27 December 2015 at 2:16 pm #573513Andy WilsonKeymaster
This may be a little stretch for the variable star forum as Kappa Cassiopeia is a star that varies spectroscopically rather than showing any significant variation in brightness. It is one of my favourite stars, a hot luminous supergiant (spectral type B1Ia) that is losing mass by a strong stellar wind. Here are a couple of high resolution spectra of the hydrogen alpha emission line taken 2 months apart, in October and then December. Note the H-Alpha line is not from the star itself but the strong stellar wind.
In the first graph I’ve applied a heliocentric correction to the spectra, while leaving in the telluric lines from the Earth’s atmosphere. You can see that the telluric lines are shifted. This is due to the heliocentric correction, mainly correcting for the speed of the Earth in its orbit and a smaller correction for the Earth’s rotation. This is one of my first attempts at this, but I am confident that it has worked since the interstellar absorption band at 6613 Angstroms line up exactly.
In the second graph I’ve removed the telluric lines using Christian Buil’s ISIS software package. The removal of the telluric lines is a bit imprecise but I think it has worked well. I’ve also shown this as a velocity plot centred on H-Alpha, and corrected for the radial velocity of kap Cas. This shows hydrogen gas that is moving away from the star and towards the Earth as a negative velocity, while hydrogen gas that is moving away from both the star and the Earth shows a positive velocity. I’ve left in the interstellar absorption band at 6613 Angstroms to give confidence to this comparison since it lines up almost exactly between the 2 spectra. Note the spectra are not flux calibrated so the relative strength of the H-Alpha emission should be treated with caution.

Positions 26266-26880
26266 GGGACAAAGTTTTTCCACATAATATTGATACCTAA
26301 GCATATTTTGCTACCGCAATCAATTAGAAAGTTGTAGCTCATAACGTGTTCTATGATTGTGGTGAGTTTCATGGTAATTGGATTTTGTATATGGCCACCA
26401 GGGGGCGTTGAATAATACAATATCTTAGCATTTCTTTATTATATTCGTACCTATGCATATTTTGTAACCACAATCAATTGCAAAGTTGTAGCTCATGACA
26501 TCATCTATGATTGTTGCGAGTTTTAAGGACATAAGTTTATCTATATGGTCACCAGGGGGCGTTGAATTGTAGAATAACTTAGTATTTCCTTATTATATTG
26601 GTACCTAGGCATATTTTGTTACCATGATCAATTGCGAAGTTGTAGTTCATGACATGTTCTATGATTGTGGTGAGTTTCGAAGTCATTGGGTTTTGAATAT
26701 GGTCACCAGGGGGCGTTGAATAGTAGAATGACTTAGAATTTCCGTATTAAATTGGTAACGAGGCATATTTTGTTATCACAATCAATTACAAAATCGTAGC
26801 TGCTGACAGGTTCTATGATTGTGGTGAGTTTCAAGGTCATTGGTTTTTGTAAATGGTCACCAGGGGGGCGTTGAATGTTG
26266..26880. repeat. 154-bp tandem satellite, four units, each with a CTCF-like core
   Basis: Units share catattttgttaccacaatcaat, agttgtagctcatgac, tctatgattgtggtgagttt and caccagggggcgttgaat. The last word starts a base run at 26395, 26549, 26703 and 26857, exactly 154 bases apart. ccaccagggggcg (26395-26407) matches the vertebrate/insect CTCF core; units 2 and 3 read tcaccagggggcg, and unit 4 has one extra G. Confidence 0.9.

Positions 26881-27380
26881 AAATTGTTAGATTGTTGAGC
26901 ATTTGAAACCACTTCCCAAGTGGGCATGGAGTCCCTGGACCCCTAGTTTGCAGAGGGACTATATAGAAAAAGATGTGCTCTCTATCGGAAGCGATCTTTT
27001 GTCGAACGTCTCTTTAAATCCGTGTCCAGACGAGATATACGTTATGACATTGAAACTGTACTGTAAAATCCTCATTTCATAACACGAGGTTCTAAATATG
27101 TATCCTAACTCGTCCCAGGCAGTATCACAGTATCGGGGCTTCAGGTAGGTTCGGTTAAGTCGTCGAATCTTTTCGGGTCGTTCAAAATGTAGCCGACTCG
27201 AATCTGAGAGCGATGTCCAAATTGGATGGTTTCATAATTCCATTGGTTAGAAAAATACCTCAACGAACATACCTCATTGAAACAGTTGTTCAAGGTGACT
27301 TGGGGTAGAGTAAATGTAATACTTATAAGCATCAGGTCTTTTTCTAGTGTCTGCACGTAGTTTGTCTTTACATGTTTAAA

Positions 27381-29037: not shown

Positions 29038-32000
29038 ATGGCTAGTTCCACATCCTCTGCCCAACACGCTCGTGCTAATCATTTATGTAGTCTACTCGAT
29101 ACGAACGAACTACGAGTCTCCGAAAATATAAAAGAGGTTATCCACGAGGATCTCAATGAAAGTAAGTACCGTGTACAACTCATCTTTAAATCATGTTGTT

The spectra clearly show a change in the H-Alpha line profile with a shift in the peak emission of around 70 km/s away from the Earth. There is also a change in the emission toward the Earth with an “emission foot” from 120-400 km/s being replaced by what appears to be a slight P Cygni style absorption feature.
I plan to continue monitoring this star, and I don’t think any of this behaviour is unusual for kap Cas. The main reason why I like the star!
Attachments:27 December 2015 at 4:55 pm #577188
Excellent report Andy, must checkout Kappa Cass next obs run!. Don`t think I would be able to detect any shift with my Alpy 600 but worth a shot 😉
Steve27 December 2015 at 5:23 pm #577189Andy WilsonKeymaster
Thanks Steve, it was nice to actually have clear skies so I could do some astronomy on the 23rd December. A rare occurrence recently! There is also gamma Cas nearby which is another bright star with interesting changes in H-Alpha.
Andy27 December 2015 at 6:35 pm #577191
Know exactly what you mean Andy! Only clear skies I`ve had lately were last night at 3am but I was doing my Gas emergency thing with the floods in York, maybe another night 😉
Steve27 December 2015 at 6:36 pm #577190
Know exactly what you mean Andy!
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